Amazon has famously avoided creating a physical presence in California to avoid paying taxes in the state. Although sales tax is the liability most noted in regards to Amazon, this strategy also avoids corporate income tax liability for the internet giant and is just one example of many companies that sell to California’s large consumer base and avoid paying any taxes in the state whatsoever. Proposition 39 would ensure that out-of-state companies do not have access to our millions of consumers while also avoiding any payment to the state. For companies already located in California, like technology company Apple, the single sales factor calculation does not penalize them for adding buildings and employees in California and encourages them to export and sell outside of the state.
Increasing exports may result in a fall in income tax receipts from companies in California like Apple, but should be more than offset by the benefits to the state in the forms of higher employment, increases in property taxes from such companies, and increases in payroll and income taxes from employees in the state.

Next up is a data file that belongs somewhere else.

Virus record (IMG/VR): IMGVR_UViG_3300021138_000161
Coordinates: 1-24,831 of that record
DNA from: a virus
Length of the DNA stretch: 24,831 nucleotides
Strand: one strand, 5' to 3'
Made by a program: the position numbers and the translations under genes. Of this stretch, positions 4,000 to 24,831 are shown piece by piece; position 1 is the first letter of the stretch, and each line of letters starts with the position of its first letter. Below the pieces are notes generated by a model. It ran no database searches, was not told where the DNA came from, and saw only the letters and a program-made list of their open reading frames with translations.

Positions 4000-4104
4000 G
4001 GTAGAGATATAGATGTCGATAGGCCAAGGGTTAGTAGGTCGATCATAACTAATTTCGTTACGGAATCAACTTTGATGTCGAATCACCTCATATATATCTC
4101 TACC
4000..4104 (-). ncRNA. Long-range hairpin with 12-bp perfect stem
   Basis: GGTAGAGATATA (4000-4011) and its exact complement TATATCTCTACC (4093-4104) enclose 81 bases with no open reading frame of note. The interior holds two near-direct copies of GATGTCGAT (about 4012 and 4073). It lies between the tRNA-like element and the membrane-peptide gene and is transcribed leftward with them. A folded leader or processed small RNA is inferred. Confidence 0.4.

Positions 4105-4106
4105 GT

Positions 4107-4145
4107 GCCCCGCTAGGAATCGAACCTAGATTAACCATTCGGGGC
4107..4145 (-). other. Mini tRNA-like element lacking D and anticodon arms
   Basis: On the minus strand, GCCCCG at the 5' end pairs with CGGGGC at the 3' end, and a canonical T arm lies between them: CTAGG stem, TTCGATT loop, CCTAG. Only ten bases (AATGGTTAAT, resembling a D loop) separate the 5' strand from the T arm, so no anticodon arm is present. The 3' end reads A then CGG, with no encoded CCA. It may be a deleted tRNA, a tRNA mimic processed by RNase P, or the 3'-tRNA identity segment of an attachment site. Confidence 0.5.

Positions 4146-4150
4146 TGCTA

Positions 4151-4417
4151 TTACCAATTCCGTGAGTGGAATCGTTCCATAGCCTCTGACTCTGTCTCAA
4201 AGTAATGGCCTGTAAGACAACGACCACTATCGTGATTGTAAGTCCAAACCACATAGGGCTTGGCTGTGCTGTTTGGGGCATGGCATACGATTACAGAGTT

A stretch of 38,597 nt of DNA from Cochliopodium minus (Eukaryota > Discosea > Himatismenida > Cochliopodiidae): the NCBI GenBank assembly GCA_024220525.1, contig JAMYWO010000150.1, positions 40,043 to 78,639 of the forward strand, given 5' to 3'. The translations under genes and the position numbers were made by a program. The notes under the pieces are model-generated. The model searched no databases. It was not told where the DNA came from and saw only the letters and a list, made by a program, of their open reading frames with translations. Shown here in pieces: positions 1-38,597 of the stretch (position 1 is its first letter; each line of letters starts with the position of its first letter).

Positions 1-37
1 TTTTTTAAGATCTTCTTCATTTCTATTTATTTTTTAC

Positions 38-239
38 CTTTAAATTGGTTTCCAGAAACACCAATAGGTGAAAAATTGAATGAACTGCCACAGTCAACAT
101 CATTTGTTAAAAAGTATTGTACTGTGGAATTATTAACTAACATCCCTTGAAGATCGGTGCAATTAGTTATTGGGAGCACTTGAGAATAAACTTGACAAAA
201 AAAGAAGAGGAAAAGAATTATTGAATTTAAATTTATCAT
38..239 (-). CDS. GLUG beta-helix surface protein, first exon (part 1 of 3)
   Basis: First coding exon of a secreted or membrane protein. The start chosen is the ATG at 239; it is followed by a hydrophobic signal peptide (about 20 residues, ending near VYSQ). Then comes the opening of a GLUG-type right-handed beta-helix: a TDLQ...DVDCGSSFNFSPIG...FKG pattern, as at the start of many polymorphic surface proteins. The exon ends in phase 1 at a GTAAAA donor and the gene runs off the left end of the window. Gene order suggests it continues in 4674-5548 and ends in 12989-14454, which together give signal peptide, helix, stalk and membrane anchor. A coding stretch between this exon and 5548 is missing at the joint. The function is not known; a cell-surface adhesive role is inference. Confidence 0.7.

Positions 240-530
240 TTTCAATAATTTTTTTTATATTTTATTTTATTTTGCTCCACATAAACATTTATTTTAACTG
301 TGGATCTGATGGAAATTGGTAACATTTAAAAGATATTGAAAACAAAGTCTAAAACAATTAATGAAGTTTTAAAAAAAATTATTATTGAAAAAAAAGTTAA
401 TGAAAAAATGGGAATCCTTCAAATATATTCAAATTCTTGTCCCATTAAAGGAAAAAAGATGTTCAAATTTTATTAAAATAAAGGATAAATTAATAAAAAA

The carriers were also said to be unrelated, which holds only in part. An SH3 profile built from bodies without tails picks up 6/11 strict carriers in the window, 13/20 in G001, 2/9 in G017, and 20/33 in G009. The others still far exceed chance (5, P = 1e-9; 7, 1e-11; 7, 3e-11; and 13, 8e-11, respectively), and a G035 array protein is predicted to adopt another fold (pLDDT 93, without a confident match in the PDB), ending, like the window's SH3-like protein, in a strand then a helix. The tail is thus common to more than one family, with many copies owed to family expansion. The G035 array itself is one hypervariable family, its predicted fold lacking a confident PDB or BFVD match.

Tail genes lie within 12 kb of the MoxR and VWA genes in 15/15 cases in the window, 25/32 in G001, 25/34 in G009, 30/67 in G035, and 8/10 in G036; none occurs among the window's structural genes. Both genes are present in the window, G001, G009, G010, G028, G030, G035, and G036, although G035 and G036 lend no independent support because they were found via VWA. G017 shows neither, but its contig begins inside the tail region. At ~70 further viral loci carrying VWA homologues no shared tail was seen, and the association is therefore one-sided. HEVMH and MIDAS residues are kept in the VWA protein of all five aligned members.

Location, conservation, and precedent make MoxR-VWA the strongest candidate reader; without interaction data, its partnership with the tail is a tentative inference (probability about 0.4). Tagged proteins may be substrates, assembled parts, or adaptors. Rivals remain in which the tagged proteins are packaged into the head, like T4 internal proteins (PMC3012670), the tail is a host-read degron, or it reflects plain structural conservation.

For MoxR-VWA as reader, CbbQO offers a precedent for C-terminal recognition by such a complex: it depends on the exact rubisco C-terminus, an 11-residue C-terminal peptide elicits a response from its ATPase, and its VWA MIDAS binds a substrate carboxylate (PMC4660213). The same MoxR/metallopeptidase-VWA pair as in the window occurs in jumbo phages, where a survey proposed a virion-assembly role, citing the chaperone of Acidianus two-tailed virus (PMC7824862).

Another argument against moving to a single sales factor is that it increases the overall complexity of tax laws in the United States. This is also true – changes and uncertainty surrounding tax codes are typically a complicating factor and the multitude of apportionment rules in the nation is complex. It is also true that states are in competition for jobs and businesses.
Tax policy is a strong tool at the disposal of the states and Proposition 39 would help to encourage companies to expand or set up operations in the state by reducing a potential tax increase they currently would face by adding payroll in California. There is a reason many other states have made similar changes – for economic reasons – and no reason why California should not take this opportunity to simplify their tax system, increase tax receipts, and promote energy efficiency all at the same time. If complexity is added when looking at the states as a whole it is not the concern of California and we should focus on getting our house in order rather than trying to reduce discrepancies across state lines.